Department of Environment staff are investigating the release of sewage into Solomon Chute in Bridgetown, Annapolis Co., north of Jubilee Park. The department was notified today, May 25, that the brook contained sewage. The Town of Bridgetown confirmed that a pipe is releasing untreated sewage and is addressing the issue, and it has been advised to notify the public. The amount of sewage released is unknown. People are being asked to avoid contact with water in the area and residents are advised not to swim in, drink from, or eat fish from water sources north of Jubilee Park, including the Annapolis River. The release does not affect the town’s drinking water supply, which is safe to drink. An update will be issued when more information is available.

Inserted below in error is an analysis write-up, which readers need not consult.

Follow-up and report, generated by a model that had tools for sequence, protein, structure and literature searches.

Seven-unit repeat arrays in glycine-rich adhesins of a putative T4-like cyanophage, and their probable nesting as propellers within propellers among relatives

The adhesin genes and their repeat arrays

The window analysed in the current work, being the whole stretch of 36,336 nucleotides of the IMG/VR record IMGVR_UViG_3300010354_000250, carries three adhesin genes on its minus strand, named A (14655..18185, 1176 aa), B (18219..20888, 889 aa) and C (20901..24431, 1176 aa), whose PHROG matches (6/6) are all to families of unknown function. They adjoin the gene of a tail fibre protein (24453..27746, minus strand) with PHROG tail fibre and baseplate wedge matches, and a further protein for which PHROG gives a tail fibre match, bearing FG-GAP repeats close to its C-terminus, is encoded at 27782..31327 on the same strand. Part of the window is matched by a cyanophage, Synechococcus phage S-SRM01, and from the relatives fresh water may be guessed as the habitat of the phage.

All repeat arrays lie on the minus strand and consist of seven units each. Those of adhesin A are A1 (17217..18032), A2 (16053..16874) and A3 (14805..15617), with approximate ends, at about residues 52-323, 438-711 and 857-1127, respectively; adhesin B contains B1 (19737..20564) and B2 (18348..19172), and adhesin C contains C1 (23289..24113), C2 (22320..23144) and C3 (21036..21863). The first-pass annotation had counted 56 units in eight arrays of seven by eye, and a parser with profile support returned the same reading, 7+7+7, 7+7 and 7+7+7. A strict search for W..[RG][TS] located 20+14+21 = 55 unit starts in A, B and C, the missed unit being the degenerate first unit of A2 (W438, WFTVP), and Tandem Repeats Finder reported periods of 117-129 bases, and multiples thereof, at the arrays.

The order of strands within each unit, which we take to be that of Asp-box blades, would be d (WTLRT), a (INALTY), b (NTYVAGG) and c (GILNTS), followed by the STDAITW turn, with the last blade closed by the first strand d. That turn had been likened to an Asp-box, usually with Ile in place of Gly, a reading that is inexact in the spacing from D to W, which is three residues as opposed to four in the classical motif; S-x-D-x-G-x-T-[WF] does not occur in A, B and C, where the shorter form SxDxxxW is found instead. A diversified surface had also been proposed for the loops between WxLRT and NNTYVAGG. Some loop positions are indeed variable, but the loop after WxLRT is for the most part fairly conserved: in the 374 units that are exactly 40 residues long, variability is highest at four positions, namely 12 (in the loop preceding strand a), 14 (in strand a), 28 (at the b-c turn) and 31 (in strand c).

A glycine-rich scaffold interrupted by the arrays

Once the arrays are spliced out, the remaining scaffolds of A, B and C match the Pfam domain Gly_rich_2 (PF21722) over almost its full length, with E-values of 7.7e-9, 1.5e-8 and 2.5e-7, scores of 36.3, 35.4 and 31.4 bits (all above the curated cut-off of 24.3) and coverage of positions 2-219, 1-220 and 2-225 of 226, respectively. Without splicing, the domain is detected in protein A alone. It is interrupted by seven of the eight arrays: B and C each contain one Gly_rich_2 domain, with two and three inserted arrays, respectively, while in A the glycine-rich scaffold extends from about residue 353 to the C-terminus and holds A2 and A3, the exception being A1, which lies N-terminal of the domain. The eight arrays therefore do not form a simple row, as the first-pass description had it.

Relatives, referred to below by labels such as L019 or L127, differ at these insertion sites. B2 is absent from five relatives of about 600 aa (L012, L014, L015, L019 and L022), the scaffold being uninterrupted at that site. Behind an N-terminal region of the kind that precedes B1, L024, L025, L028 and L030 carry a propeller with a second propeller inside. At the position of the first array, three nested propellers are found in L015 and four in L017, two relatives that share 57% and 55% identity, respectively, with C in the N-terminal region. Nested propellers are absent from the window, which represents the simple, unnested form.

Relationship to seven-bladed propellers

It was the island which inspired the very foundation of the National Trust: its sale to a private owner frustrating a Lake District admirer so much he vowed never to let it happen again.More than 120 years later, the charity has finally got its hands on Grasmere Island.The small island, which is not populated, has been left to the Trust by its former owner in her will, after she learned how much it meant to its founders.The benefactor, who stipulated she did not want to be recognised for her generosity, is understood to have been familiar with the controversial history of Grasmere Island, and sought to return it to the nation via the Trust.The Trust has now pledged to the 1,78 hectare land will be “protected for ever, for everyone”. Sir Robert Hunter “The island provides a quiet haven for wildlife, including a heronry comprising four nests that have established here almost certainly because of the relative lack of human disturbance.“The magnificent ‘Medusa-like’ veteran oak on the island has become engulfed by the surrounding younger trees.“This is such an important tree ecologically because of the wildlife that it supports, but some work will need to be done to give it the space it needs.“It’s an exciting prospect and we’re looking forward to carrying out some wildlife surveys, such as bat surveys, to see what species are present.” Octavia Hill Want the best of The Telegraph direct to your email and WhatsApp? Sign up to our free twice-daily Front Page newsletter and new audio briefings. A spokesman added visitors to Allan Bank will now be able to find out more about the story of “Rawnsley’s island” its influence on the formation of the National Trust.The gift of the island will be welcomed by the Trust, which has endured a difficult year in the Lake District.In 2016, it became embroiled in a furious dispute over Thorneythwaite Farm in Borrowdale, which had been put on the market earlier in two parts: land, containing a flock of rare breed Herdwick sheep, and farm buildings.The Trust bought the land without the property, reportedly paying vastly over the odds in a move Lord Bragg called “a nasty piece of work” and a “disgraceful purchase”. Grasmere Island, which is covered by trees in the middle of the small lake, is noted particularly fo rits association with William Wordsworth, who lived at nearby Allan Bank from 1808 to 1811 and called Grasmere “the loveliest spot that man hath ever found”.Purchased by Canon Rawnsley in 1915, Allan Bank was National Trust in his will.The house was tenanted until a serious fire in 2011 and is now open to the public.A spokesman for the National Trust said the organisation did not plan to make drastic changes to the island, undertaking a survey of its wildlife before leaving it in the state in which it was granted to them.Dave Almond, National Trust manager for Allan Bank and Grasmere, said: “It’s fantastic that 124 years after the private sale of Grasmere island, the view that can be enjoyed from Allan Bank and that has inspired so many, will now be protected for ever, for everyone. Canon Hardwicke Rawnsley A view of Grasmere from Loughrigg Terrace, CumbriaCredit:National Trust The will marks the end of a 124-year frustration for die-hard supporters of public land ownership, after the island was put up for sale at auction in 1893 and bought privately.Then, local campaigner Canon Hardwicke Rawnsley, said to be a “great defender” of the Lake District and its landscape, was left frustrated by the sale, fearing potential development in private hands.In November of that year, he joined his first official meeting with Sir Robert Hunter and Octavia Hill: the trio who went on to found the National Trust in January 1895.Then, Rawnsley said of their inspiration: “It is notorious that during the last two years the top of Snowdon, the island in the middle of Grasmere lake, and the Lodore Falls have all come into the market.“Had such a Trust as that now proposed been in existence, each of these places might have been obtained for the nation.”